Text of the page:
Skip to main content
How to put a customer's membership on hold
Angel Horowitz avatar
Written by Angel Horowitz
Updated over a week ago

Hold individual customer memberships. Freeze or pause a membership. How to edit or delete membership holds.

You may wish to put an individual customer's membership on hold (e.g., due to an injury or travel plans).

The Hold function in TeamUp will allow you to set a time period where the customer's membership won't be valid for class bookings and all billing will also be put on hold. Any bookings during the hold period will be removed. The customer's class uses and payments are adjusted and scaled to reflect the hold.

πŸ’‘If you need to prevent a customer from booking sessions temporarily without pausing their membership and billing, we recommend blocking them from booking. For details on how to use the block functionality, see this guide.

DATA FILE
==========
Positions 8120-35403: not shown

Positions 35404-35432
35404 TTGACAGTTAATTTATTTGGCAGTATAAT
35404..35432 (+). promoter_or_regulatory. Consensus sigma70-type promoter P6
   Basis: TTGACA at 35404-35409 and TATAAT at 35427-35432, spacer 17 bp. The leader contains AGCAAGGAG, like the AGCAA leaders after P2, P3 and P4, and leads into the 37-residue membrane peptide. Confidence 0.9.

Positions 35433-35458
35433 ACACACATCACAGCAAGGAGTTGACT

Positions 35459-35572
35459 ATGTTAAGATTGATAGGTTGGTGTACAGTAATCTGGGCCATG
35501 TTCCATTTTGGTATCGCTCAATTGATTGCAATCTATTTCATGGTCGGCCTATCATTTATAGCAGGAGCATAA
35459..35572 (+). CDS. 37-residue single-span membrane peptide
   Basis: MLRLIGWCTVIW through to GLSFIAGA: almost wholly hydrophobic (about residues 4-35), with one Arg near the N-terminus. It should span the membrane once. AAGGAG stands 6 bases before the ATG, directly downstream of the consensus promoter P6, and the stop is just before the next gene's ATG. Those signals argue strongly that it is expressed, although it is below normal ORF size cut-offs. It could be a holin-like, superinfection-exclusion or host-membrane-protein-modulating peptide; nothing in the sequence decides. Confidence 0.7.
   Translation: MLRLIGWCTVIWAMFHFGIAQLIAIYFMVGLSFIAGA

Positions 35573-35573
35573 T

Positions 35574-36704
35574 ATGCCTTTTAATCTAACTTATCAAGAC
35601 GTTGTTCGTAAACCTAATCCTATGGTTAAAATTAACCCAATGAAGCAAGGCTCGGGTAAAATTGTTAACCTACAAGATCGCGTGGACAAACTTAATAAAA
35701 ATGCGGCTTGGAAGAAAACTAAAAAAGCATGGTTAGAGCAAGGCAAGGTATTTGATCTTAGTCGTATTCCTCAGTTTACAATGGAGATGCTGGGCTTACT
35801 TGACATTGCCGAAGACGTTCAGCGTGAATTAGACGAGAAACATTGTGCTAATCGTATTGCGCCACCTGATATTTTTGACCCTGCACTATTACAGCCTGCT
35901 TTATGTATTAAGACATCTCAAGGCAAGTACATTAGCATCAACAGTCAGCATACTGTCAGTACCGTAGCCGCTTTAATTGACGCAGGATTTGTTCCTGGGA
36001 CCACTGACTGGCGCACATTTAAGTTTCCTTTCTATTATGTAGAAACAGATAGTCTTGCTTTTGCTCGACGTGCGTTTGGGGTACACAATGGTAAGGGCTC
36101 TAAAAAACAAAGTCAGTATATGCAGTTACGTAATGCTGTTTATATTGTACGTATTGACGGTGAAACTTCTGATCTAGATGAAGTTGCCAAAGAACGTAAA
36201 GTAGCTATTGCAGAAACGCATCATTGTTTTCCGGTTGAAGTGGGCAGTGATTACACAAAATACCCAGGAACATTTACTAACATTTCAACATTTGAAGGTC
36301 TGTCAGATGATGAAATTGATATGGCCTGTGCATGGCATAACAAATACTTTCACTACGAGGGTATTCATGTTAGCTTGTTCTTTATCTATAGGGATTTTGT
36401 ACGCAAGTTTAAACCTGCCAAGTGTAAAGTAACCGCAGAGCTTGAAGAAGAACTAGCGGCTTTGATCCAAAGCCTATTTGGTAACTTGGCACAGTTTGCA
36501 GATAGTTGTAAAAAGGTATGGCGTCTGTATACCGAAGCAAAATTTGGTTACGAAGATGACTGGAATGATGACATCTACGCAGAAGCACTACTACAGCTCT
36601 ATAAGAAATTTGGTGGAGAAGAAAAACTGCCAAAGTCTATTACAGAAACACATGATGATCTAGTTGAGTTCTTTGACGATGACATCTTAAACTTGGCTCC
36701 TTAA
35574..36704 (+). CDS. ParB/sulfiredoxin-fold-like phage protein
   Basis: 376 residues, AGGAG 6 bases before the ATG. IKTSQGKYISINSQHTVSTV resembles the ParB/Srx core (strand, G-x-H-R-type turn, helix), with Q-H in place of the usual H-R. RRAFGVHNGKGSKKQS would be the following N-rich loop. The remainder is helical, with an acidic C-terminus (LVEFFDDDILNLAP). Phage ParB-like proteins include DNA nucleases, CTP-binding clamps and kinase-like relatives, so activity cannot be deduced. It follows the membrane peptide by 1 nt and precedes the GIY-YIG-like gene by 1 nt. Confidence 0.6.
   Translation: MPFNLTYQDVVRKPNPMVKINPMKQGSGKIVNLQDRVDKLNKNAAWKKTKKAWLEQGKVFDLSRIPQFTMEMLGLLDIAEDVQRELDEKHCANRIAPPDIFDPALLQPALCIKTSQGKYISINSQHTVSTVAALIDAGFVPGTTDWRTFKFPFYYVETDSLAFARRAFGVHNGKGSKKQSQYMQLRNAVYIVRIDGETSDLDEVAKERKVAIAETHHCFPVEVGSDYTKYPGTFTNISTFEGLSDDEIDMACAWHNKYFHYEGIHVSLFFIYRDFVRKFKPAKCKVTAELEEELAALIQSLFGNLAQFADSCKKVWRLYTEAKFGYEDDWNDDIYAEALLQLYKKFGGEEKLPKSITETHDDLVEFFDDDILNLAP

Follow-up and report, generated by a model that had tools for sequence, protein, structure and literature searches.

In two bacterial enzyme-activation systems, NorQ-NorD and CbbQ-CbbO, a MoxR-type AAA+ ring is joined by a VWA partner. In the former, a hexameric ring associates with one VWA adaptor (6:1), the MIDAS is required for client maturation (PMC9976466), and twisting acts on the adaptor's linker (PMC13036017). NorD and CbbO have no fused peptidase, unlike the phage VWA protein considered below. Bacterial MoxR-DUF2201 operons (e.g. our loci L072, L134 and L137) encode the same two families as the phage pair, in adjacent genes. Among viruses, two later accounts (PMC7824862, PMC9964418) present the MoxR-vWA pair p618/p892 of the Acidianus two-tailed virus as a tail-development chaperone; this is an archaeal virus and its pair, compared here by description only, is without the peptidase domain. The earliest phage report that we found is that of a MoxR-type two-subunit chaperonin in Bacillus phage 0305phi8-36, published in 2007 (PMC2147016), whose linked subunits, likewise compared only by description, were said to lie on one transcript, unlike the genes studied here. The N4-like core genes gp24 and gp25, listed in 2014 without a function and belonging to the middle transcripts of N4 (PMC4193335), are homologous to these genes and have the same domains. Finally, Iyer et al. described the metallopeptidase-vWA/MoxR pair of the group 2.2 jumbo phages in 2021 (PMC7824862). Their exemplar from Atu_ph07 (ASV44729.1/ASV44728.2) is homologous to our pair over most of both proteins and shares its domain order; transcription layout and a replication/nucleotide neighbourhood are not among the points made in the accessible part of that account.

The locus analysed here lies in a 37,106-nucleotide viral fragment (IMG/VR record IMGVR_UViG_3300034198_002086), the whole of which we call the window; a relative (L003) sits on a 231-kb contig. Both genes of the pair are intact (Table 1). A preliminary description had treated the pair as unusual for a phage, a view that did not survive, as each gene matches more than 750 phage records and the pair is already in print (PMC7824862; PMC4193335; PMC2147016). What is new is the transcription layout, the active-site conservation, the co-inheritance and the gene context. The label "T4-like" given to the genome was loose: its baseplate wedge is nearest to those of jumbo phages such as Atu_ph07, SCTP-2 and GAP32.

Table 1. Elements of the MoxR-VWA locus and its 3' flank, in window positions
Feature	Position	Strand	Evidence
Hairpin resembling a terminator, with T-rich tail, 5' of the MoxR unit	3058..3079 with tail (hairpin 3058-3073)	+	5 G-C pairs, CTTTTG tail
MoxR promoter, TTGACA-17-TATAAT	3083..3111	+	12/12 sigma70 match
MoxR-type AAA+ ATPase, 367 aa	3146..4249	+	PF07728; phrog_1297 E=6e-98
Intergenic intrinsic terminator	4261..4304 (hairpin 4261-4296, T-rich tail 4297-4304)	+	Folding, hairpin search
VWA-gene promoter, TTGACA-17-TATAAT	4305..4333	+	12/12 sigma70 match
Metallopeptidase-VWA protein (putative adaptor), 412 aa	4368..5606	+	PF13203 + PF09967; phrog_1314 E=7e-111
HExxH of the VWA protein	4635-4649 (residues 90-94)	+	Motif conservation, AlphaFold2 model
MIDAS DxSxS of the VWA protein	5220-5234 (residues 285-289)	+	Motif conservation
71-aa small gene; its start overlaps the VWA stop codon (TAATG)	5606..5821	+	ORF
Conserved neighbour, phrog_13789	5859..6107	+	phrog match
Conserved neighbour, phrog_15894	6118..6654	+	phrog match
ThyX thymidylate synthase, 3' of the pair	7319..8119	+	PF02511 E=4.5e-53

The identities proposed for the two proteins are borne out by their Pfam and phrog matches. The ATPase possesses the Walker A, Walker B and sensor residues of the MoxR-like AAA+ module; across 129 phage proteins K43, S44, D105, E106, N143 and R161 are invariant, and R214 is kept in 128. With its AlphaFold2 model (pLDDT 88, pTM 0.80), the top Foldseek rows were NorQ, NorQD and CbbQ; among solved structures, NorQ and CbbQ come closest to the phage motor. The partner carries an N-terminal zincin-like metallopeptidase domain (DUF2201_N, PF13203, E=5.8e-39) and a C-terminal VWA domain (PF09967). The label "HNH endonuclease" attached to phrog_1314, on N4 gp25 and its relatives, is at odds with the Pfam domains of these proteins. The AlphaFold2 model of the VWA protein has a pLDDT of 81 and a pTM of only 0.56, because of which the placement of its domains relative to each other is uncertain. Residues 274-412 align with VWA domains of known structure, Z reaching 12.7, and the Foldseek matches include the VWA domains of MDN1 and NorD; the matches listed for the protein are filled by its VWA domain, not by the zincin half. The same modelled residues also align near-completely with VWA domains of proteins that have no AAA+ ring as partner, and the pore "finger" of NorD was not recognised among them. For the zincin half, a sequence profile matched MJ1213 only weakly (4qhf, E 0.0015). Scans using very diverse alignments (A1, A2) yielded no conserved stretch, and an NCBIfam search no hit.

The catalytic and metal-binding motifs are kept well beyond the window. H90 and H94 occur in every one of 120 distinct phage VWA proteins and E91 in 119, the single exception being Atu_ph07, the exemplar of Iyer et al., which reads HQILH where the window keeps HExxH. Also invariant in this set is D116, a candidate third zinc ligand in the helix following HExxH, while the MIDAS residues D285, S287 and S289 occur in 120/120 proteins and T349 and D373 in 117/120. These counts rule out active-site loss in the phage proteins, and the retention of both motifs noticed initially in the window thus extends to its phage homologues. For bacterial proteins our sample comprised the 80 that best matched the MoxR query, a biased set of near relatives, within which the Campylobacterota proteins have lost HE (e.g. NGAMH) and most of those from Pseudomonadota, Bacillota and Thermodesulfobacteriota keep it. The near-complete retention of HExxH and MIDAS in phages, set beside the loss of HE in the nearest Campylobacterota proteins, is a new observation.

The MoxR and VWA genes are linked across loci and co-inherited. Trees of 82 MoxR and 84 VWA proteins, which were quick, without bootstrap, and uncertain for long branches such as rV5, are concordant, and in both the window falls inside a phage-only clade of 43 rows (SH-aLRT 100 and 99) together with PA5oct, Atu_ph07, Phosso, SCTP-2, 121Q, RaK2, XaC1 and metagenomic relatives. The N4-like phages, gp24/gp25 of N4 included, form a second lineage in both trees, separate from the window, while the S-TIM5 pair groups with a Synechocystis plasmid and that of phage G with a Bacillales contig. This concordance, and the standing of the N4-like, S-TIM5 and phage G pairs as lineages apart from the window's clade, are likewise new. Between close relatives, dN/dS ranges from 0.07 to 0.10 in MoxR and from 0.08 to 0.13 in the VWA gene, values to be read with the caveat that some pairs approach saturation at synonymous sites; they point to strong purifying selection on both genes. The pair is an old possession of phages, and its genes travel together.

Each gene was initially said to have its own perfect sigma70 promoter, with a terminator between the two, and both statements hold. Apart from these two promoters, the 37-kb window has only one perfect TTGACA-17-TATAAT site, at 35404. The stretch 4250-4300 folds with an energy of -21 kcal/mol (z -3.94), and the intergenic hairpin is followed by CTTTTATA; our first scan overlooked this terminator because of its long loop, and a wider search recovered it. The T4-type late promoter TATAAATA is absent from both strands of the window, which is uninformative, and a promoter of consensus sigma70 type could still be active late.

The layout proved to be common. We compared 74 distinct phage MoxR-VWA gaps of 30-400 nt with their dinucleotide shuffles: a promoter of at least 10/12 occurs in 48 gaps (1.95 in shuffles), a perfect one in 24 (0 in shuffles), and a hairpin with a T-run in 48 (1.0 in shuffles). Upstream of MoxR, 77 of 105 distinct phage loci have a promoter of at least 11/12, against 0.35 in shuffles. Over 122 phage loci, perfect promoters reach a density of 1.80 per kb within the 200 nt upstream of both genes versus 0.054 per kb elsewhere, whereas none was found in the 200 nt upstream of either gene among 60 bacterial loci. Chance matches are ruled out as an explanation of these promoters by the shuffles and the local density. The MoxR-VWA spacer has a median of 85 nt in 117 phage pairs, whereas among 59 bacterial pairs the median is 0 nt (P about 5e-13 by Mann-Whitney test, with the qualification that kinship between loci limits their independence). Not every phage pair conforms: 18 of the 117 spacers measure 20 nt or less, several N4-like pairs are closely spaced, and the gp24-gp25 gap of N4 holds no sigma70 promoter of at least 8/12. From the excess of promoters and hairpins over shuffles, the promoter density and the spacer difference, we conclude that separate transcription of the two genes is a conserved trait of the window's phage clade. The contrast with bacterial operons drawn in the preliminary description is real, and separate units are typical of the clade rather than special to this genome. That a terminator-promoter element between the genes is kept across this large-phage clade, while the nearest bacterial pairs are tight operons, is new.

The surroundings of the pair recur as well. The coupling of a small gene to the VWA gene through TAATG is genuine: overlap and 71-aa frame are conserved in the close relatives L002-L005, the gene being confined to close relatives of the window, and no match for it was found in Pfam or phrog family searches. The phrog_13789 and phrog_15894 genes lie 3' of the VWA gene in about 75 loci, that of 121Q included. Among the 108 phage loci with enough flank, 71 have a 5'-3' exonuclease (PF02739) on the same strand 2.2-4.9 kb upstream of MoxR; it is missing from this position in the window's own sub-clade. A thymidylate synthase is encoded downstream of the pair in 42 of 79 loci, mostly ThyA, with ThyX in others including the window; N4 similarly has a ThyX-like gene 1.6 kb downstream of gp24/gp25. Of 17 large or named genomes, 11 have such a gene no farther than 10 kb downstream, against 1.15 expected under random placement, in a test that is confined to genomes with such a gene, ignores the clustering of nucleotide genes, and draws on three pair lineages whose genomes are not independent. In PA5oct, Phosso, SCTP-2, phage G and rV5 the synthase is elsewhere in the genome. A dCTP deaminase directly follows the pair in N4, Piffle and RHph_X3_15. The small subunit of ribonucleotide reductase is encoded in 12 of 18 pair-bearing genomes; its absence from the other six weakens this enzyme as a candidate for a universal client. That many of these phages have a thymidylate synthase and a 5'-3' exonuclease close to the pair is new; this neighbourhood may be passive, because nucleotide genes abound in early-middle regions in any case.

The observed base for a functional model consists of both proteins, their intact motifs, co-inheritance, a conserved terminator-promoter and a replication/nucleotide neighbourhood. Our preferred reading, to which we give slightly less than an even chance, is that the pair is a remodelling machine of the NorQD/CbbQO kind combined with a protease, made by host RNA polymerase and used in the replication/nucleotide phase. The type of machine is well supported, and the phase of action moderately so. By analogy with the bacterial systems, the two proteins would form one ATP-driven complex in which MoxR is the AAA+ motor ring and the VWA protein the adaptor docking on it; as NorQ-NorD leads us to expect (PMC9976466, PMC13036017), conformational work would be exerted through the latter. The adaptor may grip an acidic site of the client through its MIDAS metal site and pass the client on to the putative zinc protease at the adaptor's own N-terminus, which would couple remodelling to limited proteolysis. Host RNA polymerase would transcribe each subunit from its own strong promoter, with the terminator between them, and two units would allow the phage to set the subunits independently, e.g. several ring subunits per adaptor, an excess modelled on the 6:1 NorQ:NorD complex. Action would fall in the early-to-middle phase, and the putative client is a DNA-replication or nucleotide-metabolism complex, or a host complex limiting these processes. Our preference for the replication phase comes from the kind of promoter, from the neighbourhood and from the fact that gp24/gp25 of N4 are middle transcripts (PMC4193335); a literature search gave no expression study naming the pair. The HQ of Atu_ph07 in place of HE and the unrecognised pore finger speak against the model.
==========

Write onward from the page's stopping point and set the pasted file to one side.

In this guide we'll cover:

It's possible to put customers' memberships on hold in bulk. For more information on how to do this, please see How to put memberships on hold in bulk.

How to put a customer's membership on hold

First, go to the customer's membership detail page (Customers >> search desired customer >> Click the desired membership underneath their name > click 'Hold').

In the next steps, you'll be able to schedule the hold and decide how usage and payments should be prorated:

1. Set the duration

On the next page, you will specify the details of the hold. The hold form allows you to create either an open-ended hold or a hold with a known end date.